“Both are good candidates to become ‘Wilfred,’” Hurt said.
Wilfred is the last name on the list of hurricane names. Hurt said the National Hurricane Center (NHC) will be using the Greek alphabet after the name “Wilfred” is used. He said that hasn’t happened since 2005. Fraternity and sorority members should be fluent.
For more information on the tropics, visit nhc.noaa.gov.
SEBRING — Highlands County had one more death from COVID-19 in the Wednesday report from the Florida Department of Health for a total of 80 who have died in the county during the pandemic.
With six more coronavirus cases, Highlands has a total of 2,024 cases. Currently, 31 are hospitalized due to the virus.
Statewide, there were 2,355 additional coronavirus cases in the Wednesday report for a total of 671,201 infected.
There were 152 new virus fatalities reported in Florida for a total of 12,939 Florida residents who have died due to COVID-19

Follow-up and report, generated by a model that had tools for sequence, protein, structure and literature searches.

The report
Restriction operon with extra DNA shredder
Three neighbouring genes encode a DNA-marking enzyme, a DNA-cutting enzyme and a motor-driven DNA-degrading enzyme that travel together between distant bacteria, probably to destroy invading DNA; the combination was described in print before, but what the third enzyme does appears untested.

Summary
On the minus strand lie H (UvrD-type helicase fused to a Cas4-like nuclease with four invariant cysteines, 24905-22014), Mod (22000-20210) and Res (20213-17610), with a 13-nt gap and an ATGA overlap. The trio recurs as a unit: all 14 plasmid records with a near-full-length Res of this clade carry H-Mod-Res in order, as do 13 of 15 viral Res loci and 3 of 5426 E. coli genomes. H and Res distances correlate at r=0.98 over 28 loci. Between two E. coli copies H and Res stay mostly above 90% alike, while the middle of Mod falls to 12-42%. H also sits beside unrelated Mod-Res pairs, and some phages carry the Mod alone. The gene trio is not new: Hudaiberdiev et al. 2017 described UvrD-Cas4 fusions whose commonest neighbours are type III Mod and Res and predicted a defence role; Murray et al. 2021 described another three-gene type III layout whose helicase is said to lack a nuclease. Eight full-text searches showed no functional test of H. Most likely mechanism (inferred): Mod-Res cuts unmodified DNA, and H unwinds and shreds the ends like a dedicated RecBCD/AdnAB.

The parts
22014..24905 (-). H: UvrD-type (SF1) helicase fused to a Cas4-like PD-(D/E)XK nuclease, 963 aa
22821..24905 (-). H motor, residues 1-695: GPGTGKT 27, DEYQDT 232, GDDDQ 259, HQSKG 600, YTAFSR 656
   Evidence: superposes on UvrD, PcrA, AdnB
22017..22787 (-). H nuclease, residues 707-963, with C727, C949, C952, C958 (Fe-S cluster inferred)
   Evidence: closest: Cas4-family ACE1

The following counties had triple-digit increases in virus cases: Alachua — 146, Broward — 155, Dade — 457, Duval — 121, Hillsborough — 138, Orange — 106, and Palm Beach — 163.
Calhoun and Holmes counties had no new cases in the Wednesday update.
Previous day testing results show statewide 4.45% tested positive while in Highlands 3.75% tested positive.
The Highlands County Board of County Commission, in partnership with the Highlands County Department of Health and AdventHealth Sebring, will have free COVID-19 drive-up testing today at the AdventHealth medical complex at 4240 Sun ‘N Lake Blvd. in Sebring and on Sept. 22 at Lakeshore Mall (near the former Sears store), 901 U.S. 27 South.